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Africa: AIDS Treatment 2.0

AfricaFocus Bulletin
Jul 15, 2010 (100715)
(Reposted from sources cited below)

Editor's Note

As donor commitment to the fight against AIDS threatens to falter, UNAIDS, the Joint UN Programme on HIV/AIDS, has issued a new report with ambitious proposals and an upbeat perspective on the prospects for advances in both treatment and prevention. Proposing simplified treatment practices under the rubric "Treatment 2.0," the report also cites significant advances in prevention, particularly among African youth, and widespread global awareness of the importance of the pandemic among issues requiring high priority.

This AfricaFocus Bulletin (at http://www.africafocus.org/docs10/hiv1007a.php) contains the UNAIDS press release on its new Outlook report, and excerpts from the report itself on the principles of Treatment 2.0, and the positive example of successful decentralization and simplification of treatment in Malawi.

Another AfricaFocus Bulletin, available on the web today at http://www.africafocus.org/docs10/hiv1007b.php, but not sent out by e-mail, contains results reports from the Global Fund to Fight AIDS, TB, and Malaria, including a summary of limited advances by some African countries in increasing domestic spending on health.

For previous AfricaFocus Bulletins on health issues, see http://www.africafocus.org/healthexp.php

++++++++++++++++++++++end editor's note++++++++++++++++++++

Ten million deaths and 1 million new HIV infections could be averted if countries meet HIV treatment targets

UNAIDS Press Release

UNAIDS, the Joint United Nations Programme on HIV/AIDS

http://www.unaids.org/en/default.asp

July 13, 2010

[Excerpts: For full press release and the report, including extensive graphs and figures, visit the UN AIDS website.]

New UNAIDS report shows that young people are leading the prevention revolution, with 15 of the most severely affected countries reporting a 25% drop in HIV prevalence among this key population. New global opinion poll shows that AIDS continues to be of major importance for the public around the world.

Geneva, 13 July 2010 -- The new UNAIDS Outlook report outlines a radically simplified HIV treatment platform called Treatment 2.0 that could decrease the number of AIDS-related deaths drastically and could also greatly reduce the number of new HIV infections. Evidence shows that new HIV infections among young people, in the 15 countries most affected by HIV, are dropping significantly as young people embrace safer sexual behaviours.

Also in the report, a sweeping new UNAIDS and Zogby International public opinion poll shows that nearly 30 years into the AIDS epidemic, region by region, countries continue to rank AIDS high on the list of the most important issues facing the world.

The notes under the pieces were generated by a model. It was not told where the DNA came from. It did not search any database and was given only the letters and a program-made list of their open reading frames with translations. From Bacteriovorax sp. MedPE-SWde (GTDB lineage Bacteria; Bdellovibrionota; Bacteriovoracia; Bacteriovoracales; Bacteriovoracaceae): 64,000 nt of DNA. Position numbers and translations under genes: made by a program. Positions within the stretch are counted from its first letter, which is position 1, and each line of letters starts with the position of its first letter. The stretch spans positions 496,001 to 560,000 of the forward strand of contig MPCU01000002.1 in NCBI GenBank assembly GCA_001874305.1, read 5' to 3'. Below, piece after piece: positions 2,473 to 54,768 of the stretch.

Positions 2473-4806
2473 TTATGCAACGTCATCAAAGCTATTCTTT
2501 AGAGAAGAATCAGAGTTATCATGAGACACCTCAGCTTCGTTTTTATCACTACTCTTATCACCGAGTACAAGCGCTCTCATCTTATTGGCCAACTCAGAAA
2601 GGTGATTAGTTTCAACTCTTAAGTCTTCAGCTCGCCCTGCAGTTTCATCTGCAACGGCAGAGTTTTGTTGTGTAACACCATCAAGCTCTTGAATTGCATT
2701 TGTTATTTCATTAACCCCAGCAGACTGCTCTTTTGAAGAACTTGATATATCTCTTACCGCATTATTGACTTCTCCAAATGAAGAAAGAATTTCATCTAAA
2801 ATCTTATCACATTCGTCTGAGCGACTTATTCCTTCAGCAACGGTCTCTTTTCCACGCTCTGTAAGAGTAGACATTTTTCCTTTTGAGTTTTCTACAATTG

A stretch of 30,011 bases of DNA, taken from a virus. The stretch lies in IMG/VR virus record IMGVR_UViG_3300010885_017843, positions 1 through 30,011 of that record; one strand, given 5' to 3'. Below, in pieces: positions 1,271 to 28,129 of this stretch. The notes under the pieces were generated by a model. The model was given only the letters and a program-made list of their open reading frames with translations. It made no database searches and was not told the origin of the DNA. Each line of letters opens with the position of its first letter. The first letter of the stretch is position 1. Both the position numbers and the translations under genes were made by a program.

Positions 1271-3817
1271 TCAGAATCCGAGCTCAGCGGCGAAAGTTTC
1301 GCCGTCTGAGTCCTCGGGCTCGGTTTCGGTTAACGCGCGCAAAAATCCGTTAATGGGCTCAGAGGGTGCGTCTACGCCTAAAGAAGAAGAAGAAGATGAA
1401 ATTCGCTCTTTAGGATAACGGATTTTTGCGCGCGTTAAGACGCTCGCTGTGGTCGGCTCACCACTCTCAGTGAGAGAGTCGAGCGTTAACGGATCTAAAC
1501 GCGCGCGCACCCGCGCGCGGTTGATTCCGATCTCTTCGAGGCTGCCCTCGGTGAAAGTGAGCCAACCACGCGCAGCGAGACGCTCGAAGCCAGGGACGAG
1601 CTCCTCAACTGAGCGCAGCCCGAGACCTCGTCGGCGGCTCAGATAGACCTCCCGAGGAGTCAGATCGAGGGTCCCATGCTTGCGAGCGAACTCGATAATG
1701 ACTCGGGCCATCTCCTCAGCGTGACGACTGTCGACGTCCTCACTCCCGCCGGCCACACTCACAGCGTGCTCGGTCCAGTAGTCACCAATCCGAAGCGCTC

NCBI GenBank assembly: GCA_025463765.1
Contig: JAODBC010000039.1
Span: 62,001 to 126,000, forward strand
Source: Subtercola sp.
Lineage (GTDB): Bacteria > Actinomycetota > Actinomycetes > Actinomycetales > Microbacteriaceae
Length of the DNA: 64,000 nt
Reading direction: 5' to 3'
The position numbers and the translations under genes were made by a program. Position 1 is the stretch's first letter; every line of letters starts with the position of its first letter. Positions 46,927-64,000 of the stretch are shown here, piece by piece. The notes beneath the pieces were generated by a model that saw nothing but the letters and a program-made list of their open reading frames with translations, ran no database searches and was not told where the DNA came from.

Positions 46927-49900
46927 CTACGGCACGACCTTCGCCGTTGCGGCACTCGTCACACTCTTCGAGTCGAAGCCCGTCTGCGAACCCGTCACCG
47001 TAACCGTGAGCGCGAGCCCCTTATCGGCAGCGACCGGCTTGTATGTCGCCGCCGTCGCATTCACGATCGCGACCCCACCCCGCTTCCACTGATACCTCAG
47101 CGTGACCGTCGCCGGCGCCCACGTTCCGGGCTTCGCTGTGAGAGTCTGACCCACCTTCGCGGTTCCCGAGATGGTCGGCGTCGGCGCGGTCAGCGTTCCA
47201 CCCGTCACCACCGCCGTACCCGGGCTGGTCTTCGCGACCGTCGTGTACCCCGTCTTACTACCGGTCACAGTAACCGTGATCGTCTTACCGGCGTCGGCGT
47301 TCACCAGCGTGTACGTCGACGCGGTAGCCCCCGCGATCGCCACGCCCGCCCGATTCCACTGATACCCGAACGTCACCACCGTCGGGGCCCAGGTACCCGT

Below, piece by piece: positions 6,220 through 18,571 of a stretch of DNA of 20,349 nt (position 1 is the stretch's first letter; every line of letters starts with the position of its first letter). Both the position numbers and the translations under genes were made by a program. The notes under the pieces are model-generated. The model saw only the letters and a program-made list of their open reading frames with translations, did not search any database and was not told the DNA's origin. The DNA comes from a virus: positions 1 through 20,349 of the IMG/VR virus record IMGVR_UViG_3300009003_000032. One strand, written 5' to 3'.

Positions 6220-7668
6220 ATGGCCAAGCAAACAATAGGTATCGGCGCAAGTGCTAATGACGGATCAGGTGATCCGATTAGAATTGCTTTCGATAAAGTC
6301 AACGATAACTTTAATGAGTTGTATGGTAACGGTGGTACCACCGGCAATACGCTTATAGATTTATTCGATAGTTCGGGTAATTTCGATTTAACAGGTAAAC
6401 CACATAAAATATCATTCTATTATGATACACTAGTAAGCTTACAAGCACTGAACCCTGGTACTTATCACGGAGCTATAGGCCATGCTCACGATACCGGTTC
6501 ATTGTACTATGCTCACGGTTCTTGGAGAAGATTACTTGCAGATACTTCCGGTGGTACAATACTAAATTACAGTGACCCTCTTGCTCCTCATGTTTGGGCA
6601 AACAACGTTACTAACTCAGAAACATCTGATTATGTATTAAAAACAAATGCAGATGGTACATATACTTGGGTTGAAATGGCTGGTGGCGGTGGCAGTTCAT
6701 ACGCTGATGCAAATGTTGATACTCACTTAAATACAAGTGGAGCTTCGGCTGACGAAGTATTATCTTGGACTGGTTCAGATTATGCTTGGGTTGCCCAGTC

And an economic analysis makes the case for making health a necessity, not a luxury, outlining the critical need for donor countries to sustain AIDS investments and calling on richer developing countries to invest more in HIV and health.

The report was launched in Geneva ahead of the XVIII International AIDS Conference in Vienna. The UNAIDS Executive Director, Mr Michel Sidib‚, stressed that innovation in the AIDS response can save more lives. "For countries to reach their universal access targets and commitments, we must reshape the AIDS response. Through innovation we can bring down costs so investments can reach more people."

According to UNAIDS' estimates there were 33.4 million people living with HIV worldwide at the end of 2008. In the same year there were nearly 2.7 million new HIV infections and 2 million AIDS-related deaths.

Treatment 2.0 saves lives

Treatment 2.0 is a new approach to simplify the way HIV treatment is currently provided and to scale up access to life saving medicines. Using a combination of efforts it could bring down treatment costs, make treatment regimens simpler and smarter, reduce the burden on health systems and improve the quality of life for people living with HIV and their families. Modelling suggests that compared with current treatment approaches, Treatment 2.0 could avert an additional 10 million deaths by 2025.

In addition, the new approach could also reduce new HIV infections by up to 1 million annually if countries provide antiretroviral therapy to all people in need, following revised WHO treatment guidelines. Today, 5 million of the 15 million people in need are accessing these life-saving medicines.

To achieve the full benefits of Treatment 2.0 progress has to be made across five areas:

  • Create a better pill and diagnostics: UNAIDS calls for the innovation of a smarter, better pill that is less toxic and for diagnostics that are easier to use. Monitoring treatment requires complex equipment and specialized laboratory technicians. A simple diagnostic tool could help to reduce the burden on health systems. Such a simplified treatment platform could defray costs and increase people's access to treatment.